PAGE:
Jul 17, 2019 | Updated: 11:17 AM EDT

Weight Loss Surgery Lowers Risk of Type 2 Diabetes

Nov 04, 2014 04:06 PM EST

Obesity affects the younger generation in the U.S, making them at risk of developing Type 2 Diabetes in later years
(Photo : Getty Images)

While obesity has been a known risk factor for type-2 Diabetes, with the bigger being more prone to it, recent studies found that those who have undergone weight-loss surgery have a lower risk of developing the disease.

A study published in The Lancet Diabetes & Endocrinology revealed that an 80 percent reduction in type 2 diabetes was observed among obese people who have undergone one of three surgical procedures: gastric bypass, gastric banding or sleeve gastrectomy.

Medical News Today describes gastric bypass, the most common weight loss procedure, as one that involves redirecting the digestive system past the stomach.

Gastric banding involves the use of band to reduce the size of the stomach so a smaller amount of food is required to make someone feel full, and sleeve gastrectomy involves removal of around 80 per cent of the stomach.

The study involved 2,167 obese adults who had weight loss surgeries, better known as bariatric surgery. They were compared to 2,167 obese people who had not undergone any weight loss procedure at all, or any other obesity-related treatments. The participants were researched and investigated for up to 7 years.

Researchers found that 38 participants from the weight loss group developed type 2 diabetes, while a staggering 177 of the control participants developed the same disease during follow-up.

And even when considering other diabetes 2 factors such as smoking, hypertension and high cholesterol, weight loss surgery significantly reduced participants' risk of type 2 diabetes.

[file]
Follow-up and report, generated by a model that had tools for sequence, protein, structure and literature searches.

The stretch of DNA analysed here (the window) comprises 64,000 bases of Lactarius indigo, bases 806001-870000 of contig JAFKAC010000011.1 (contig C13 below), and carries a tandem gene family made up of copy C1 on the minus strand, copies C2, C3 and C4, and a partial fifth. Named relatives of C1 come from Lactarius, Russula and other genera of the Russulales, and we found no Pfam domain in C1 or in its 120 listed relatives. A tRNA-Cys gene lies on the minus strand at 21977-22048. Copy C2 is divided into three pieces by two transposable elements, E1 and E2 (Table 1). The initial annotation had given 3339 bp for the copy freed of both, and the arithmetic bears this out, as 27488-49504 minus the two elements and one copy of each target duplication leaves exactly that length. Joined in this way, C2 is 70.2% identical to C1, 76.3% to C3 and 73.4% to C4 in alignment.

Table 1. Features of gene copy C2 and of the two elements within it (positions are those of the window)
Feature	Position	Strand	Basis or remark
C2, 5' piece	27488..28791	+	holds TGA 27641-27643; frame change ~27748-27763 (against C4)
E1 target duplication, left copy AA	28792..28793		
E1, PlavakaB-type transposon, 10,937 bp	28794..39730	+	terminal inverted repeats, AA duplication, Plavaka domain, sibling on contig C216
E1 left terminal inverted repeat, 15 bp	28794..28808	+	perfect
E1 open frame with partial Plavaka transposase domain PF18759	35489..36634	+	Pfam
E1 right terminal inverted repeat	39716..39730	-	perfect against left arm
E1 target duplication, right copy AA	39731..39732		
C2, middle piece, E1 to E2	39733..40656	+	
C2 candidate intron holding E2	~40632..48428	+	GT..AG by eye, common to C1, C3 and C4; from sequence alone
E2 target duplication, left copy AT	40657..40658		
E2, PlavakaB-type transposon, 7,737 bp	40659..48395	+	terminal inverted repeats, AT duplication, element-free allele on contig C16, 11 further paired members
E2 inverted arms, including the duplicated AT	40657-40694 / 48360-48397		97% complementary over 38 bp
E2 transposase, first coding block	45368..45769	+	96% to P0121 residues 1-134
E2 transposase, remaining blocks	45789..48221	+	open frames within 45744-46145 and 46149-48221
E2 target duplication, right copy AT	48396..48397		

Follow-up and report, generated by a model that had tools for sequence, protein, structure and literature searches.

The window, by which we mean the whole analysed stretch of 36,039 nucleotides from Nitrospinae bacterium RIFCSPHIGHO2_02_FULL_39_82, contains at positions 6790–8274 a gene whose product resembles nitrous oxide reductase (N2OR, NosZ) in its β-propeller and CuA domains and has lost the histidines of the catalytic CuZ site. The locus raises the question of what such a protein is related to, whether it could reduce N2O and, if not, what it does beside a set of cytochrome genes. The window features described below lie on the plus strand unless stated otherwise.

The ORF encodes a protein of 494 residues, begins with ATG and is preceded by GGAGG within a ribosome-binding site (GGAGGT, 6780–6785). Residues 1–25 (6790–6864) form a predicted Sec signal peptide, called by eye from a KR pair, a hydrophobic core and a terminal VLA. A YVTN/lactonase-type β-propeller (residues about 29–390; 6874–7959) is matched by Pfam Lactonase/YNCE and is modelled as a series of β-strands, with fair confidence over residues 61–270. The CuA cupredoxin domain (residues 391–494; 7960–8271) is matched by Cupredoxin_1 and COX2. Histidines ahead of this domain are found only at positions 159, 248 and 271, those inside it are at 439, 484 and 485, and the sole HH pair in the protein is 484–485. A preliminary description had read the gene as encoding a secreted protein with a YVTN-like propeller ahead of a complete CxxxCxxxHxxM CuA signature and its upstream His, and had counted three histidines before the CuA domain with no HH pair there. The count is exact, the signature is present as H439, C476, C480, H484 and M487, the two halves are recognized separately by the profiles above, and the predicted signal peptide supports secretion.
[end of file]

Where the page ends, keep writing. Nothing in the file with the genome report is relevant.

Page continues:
Study author Martin Gulliford, a professor of public health at King's College London, England said, "Our results suggest that bariatric surgery may be a highly effective method of preventing the onset of new diabetes in men and women with severe obesity. We need to understand how weight-loss surgery can be used, together with interventions to increase physical activity and promote healthy eating, as part of an overall diabetes prevention strategy."

While the results of the study are groundbreaking, the researchers admitted that the study has some limitations. The team considered the participants from the weight loss group to have been more adherent to diabetes prevention advice such as adopting a healthy diet and exercise than control patients. Although they also said that those who received surgery were more likely to be prescribed antihypertensive drugs or statins-- which can cause diabetes.

Dr. Jacques Himpens, of Saint Pierre University Hospital in Belgium, said that the findings from the study "bring us closer to understanding the effects of bariatric surgery for prevention of type 2 diabetes, but more evidence is needed to convince endocrinologists about the nature of this effect." 

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